Writing code to count the number of inversions of a permutation, I was surprised that it allocates. Thus I wrote what I thought equivalent code with a for loop, and it does not allocate. Here is the code; why is count so slow?
for j in 2:length(p)
for i in 1:j-1
count(p[i]>p[j] for j in 2:length(p) for i in 1:j-1)
I’m not an expert on when or why an allocation happens, but it seems to me that in inversions1 you’re creating a generator expression depending on p (which may need allocation) and pass that to count, whereas in inversions all you need is the known length of the vector and two loops with the condition. A quick look at @code_lowered seems to confirm that:
I really don’t see the problem here - to me, the loop is much more clear and explicit about what’s going on than the generator expression. It does precisely what you expect without any hidden allocation, whereas the generator by lieu of existing already allocates. You can even go as far as to say that they are distinct by what they’re doing - the second version explicitly constructs that generator (maybe with some rewrite to return it, should all those permutations be needed lazily) whereas the first version only gives the static count of inversions.
My point is just that a “shorter” generator expression does not necessarily lead to the same code as writing an explicit loop getting just what you want. I suspect that in the OP what lead to the allocation was the call to Base.Flatten in the lowered code when generating that generator, which stems from the fact that there are two for in there.
@Jean_Michel It’s not that count allocates, but the generators you’re creating (and that are being flattened) allocate. In Julia, loops are fast so if you just need the count and don’t care about which pair of elements it’s true for, just writing the loop is probably going to be both faster and simpler to write.
I think that it is more subtle than this: the cost of many abstractions can be made negligible or in some cases zero, but this does not always hold and/or is not always done automatically (requiring a bit of prodding, or extra work).
Writing very fast code still requires some work and experience. Coming to Julia and expecting everything to be magically faster is a setup for disappointment.
No, not at all! Why have a language feature when you’re discouraged from using it? For some things generator syntax is indeed more useful e.g. single inline for or when the runtime is dominated by something else or when you can reuse a generator for multiple things. The example here just doesn’t benefit from one of those cases, but rather the double for generator causes an allocation which dominates the runtime. Additionally, no one in this thread has tested whether that generator function has constant overhead or whether it is in O(n). Just 10 elements in p are surely not representative for the general case.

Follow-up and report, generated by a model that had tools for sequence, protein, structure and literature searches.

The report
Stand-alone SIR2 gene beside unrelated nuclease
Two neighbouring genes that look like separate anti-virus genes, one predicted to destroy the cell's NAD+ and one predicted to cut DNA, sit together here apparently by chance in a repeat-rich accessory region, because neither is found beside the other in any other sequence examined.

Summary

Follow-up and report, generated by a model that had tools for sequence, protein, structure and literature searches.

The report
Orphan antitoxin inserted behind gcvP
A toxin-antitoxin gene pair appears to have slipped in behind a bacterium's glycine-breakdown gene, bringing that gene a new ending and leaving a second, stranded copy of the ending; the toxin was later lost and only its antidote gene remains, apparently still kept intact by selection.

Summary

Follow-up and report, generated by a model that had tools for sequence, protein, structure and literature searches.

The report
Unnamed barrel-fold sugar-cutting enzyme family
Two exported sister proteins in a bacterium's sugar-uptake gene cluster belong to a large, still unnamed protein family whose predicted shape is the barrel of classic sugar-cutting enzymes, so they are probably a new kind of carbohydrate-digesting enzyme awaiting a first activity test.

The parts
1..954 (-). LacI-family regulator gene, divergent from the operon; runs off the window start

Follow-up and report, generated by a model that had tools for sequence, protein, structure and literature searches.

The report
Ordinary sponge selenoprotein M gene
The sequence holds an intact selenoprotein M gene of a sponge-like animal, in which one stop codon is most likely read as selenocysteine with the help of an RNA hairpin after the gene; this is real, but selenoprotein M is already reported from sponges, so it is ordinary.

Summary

a) It is context dependent. In case running performance is not important it could be written with less keystrokes (ie could have better “finger” performance).
b) it is implementation dependent. Clever compiler could translate this count(p[j-1]>p[j] for j in 2:length(p)) without allocation, couldn’t it? Till than we probably have to warn people not to use it if performance is important.
Would you mind to add MWE? (I don’t want to disturb you and will really understand you don’t! )
a) My post was very much in response to you saying “Wouldn’t be usefult [sic] to propose then in “benchmark tips” to not use generators?”. Of course running time is important. That’s why I mentioned the case where the runtime of the generator is dominated by some other thing. Please don’t twist what I said into something I did not say.
b) I don’t know, I’m not a compiler writer. I can imagine though that not unrolling and leaving that generator there could possibly have benefits e.g. lazy evaluation - the compiler doesn’t really know if evaluating that generator is a complex operation or not.
@code_lowered is just the lowered code. It is purely a syntactic transformation of the original code. Of course there will be new there since that is what is in the syntax of the code. It is the optimizer that has the job of eliminating those, so look at @code_typed instead.
Many benchmarks tips reflect ‘bugs’ in the current version of Julia: like the disaster with closures,etc…
Since Julia promises the possibility to use functional style without cost, these must absolutely be fixed.
The functional code is superior, promising easy parallelization for instance (and less bugs).